Almost five days on the water and some 250 nautical miles covered in the Gaspé-Percé sector from June 30 to July 5.

The few large whales present were not offshore, but rather in and near Gaspé Bay. They were not numerous. In these five days, I documented the presence of three fin whales, two humpbacks and a half-dozen minke whales. The absence of the blue whale is still noteworthy and worrisome in my view.

It is even more disheartening to find one of these giants, a fin whale, dead and floating adrift off the coast of Cap d’Espoir. After calling and providing the GPS coordinates to the Quebec Marine Mammal Emergency Response Network, I approached the carcass to document the case. Upon discovering rope marks on the animal, it became clear to me that it was most likely the victim of entanglement in fishing gear. The incident will need to be examined more closely by scientists, as a high percentage of whales are observed with rope marks, particularly on the peduncle and tail, not to mention a growing number of carcasses found.

For the eighth consecutive year, I observed the female H626, BBR (Gaspar), near Île Plat, the same place where I first saw her in 2008. Just as spry as ever, she proved it to me with a masterful stroke of her tail in the air. Last year, I had seen her breach (leap out of the water) near Cap Gaspé.
Three fin whales were feeding in Gaspé Bay, one of which was present during my last visit to this area on May 25. This is a fairly easy animal to identify thanks to its long scar caused by a rope wound running from the front of the dorsal fin and along the topside of the peduncle on the right side, and from the dorsal fin forward on the left side. It bears the number F428 in the MICS catalogue. In one of the photos I took, desquamation (peeling) marks can be seen, though these are temporary and therefore not useful for identifying the animal.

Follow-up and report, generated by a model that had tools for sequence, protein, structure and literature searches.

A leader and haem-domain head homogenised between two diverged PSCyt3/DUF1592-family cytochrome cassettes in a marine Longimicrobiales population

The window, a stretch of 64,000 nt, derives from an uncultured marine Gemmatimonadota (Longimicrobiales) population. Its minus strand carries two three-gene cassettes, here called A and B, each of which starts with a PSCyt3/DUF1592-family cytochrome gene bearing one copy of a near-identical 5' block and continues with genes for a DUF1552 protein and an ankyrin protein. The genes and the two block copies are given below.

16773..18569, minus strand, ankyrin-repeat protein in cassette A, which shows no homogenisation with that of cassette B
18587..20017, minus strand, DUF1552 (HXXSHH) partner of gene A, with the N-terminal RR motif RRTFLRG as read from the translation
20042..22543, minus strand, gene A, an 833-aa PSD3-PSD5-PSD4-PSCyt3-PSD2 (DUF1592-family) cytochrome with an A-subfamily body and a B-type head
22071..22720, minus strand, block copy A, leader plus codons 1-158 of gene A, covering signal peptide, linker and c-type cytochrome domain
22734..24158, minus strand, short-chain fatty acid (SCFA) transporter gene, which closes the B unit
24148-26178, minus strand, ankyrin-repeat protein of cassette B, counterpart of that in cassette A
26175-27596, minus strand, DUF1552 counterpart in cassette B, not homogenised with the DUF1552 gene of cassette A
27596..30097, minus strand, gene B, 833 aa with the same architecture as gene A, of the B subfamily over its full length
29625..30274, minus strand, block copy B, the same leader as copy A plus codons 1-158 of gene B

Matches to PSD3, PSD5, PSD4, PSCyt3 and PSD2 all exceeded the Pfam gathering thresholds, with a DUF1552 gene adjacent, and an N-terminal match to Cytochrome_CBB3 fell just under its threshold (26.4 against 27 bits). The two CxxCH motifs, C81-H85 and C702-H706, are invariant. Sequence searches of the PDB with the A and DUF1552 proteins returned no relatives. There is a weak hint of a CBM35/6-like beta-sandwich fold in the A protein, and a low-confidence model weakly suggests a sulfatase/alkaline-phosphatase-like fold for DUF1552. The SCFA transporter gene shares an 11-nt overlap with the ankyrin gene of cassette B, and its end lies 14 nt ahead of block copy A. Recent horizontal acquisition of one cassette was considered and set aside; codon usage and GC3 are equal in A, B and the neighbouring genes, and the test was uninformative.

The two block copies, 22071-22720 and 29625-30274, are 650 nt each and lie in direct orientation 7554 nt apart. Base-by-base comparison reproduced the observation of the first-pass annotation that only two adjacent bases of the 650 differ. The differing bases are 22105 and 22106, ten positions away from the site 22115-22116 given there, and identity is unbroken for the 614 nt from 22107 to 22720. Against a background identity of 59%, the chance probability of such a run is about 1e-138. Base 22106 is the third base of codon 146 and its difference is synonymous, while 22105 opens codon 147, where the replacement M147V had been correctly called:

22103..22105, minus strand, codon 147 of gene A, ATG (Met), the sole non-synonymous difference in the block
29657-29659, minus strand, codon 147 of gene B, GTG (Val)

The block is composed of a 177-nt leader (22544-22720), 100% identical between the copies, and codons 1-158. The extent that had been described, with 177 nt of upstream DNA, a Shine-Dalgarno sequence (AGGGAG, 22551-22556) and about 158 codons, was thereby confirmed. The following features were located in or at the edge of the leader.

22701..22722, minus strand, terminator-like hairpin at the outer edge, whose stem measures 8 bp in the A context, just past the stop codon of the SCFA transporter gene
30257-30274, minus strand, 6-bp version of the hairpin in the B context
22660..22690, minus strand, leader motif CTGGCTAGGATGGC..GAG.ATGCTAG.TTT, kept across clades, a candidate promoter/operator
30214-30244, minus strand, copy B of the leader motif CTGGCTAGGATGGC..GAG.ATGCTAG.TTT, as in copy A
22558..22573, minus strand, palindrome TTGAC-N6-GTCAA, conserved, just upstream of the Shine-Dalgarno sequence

On the morning of July 5, in light of discouraging weather forecasts and a limited number of animals, I decided to end my mission, take my boat out of the water and go home. Just before doing so, I received a call from a local cruise boat captain informing me of a humpback whale spout in the bay. So I decided to postpone my return to shore to go and document this animal.  It was a small humpback, which at first glance could be mistaken for Aramis given the underside of its jet black tail, though MICS specialist Christian Ramp has not been able to provide a match just yet. Based on its size, this animal is probably quite young. A helpful tip from this captain and a stroke of luck that I had not yet turned in, as it is always quite gratifying to log new individuals into the MICS database.

As soon as I got home, the same captain informed me that three other humpbacks had shown up in the bay. Three animals which were familiar and regular in the area. That’s always the way it goes: the whales seem to wait for me to leave before making their appearance.

Field Notes - 10/7/2015

René Roy

René Roy is an amateur cetologist who is passionate about the sea and whales; he resides in Pointe-au-Père, in the Bas-Saint-Laurent region. For the past few years, he has undertaken photo-identification expeditions for the Mingan Island Cetacean Study (MICS), mainly in the Gaspé, with a research permit. He also volunteers for the Quebec Marine Mammal Emergency Response Network. More pictures can be seen on Facebook.

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